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Thread: Enhanced versus W2+/W3+

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    Enhanced versus W2+/W3+

    Can anyone tell me what the difference is between the Physio/Comfort Enhanced vs the Physio W3+/Comfort W2+? I've read the Enhanced versions are 100% backside freeform, but I can't find anything about the W2+/W3+ in comparison beside the marketing fluff about WAVE technology and nothing with a direct comparison or why I would use one over the other. Are the W2+/W3+ backside freeform also? Thanks.

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    Master OptiBoarder DanLiv's Avatar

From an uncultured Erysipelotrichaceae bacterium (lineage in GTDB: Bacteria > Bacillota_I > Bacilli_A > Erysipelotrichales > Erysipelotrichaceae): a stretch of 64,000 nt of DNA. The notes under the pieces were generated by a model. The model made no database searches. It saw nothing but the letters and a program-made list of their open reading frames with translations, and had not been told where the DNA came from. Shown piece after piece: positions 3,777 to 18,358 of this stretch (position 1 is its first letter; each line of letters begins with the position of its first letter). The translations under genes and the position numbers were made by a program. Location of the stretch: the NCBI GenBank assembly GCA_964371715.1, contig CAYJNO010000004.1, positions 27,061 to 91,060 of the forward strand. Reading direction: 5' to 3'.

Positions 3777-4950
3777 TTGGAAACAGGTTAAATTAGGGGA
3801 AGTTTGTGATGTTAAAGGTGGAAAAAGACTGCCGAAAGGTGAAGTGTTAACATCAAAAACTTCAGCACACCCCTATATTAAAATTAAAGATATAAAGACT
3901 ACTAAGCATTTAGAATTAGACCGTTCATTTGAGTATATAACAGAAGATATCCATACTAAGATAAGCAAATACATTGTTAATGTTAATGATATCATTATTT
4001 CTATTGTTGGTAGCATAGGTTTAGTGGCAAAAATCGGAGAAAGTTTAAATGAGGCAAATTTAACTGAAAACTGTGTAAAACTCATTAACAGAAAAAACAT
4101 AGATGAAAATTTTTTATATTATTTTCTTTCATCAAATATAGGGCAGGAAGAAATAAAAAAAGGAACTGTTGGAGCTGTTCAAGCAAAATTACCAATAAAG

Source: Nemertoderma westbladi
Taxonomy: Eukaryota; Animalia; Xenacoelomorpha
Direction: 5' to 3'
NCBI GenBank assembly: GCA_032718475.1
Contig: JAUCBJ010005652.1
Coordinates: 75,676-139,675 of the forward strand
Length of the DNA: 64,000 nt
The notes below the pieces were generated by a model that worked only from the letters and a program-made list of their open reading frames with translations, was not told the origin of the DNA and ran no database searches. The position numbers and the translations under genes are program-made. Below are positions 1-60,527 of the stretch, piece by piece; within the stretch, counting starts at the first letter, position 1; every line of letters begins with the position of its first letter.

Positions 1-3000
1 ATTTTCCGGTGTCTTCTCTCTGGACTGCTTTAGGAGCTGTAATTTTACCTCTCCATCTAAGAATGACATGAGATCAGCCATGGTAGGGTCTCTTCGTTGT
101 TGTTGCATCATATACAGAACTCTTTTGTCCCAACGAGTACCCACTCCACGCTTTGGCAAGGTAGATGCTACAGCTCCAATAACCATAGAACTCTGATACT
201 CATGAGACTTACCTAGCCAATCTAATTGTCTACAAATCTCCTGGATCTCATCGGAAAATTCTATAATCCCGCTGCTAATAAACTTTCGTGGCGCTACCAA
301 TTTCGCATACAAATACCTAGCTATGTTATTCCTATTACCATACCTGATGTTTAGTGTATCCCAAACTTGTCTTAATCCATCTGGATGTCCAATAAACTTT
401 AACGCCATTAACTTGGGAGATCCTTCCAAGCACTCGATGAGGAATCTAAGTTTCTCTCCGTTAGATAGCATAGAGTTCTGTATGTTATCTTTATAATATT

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    Both Enhanced and W2+/W3+ are frontside molded and backside freeform generated, not 100% backside. The W2+/W3+ are replacements for the Enhanced, incremental improvement if the WAVE jargon is to be believed. The main reason to adopt them is that Enhanced will disappear and you won't have choice anyway. I have 100% switched to W2+/W3+ for all Varilux and have had zero issue (neither bettor nor worse, functionally identical as far as I'm concerned). They are identically priced as Enhanced as well.

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    Good to know, I was questioning the 100% freeform. So the only 100% freeform Essilor lenses are the S series and the DRx verisons then?

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    Quote Originally Posted by NVEYEDR View Post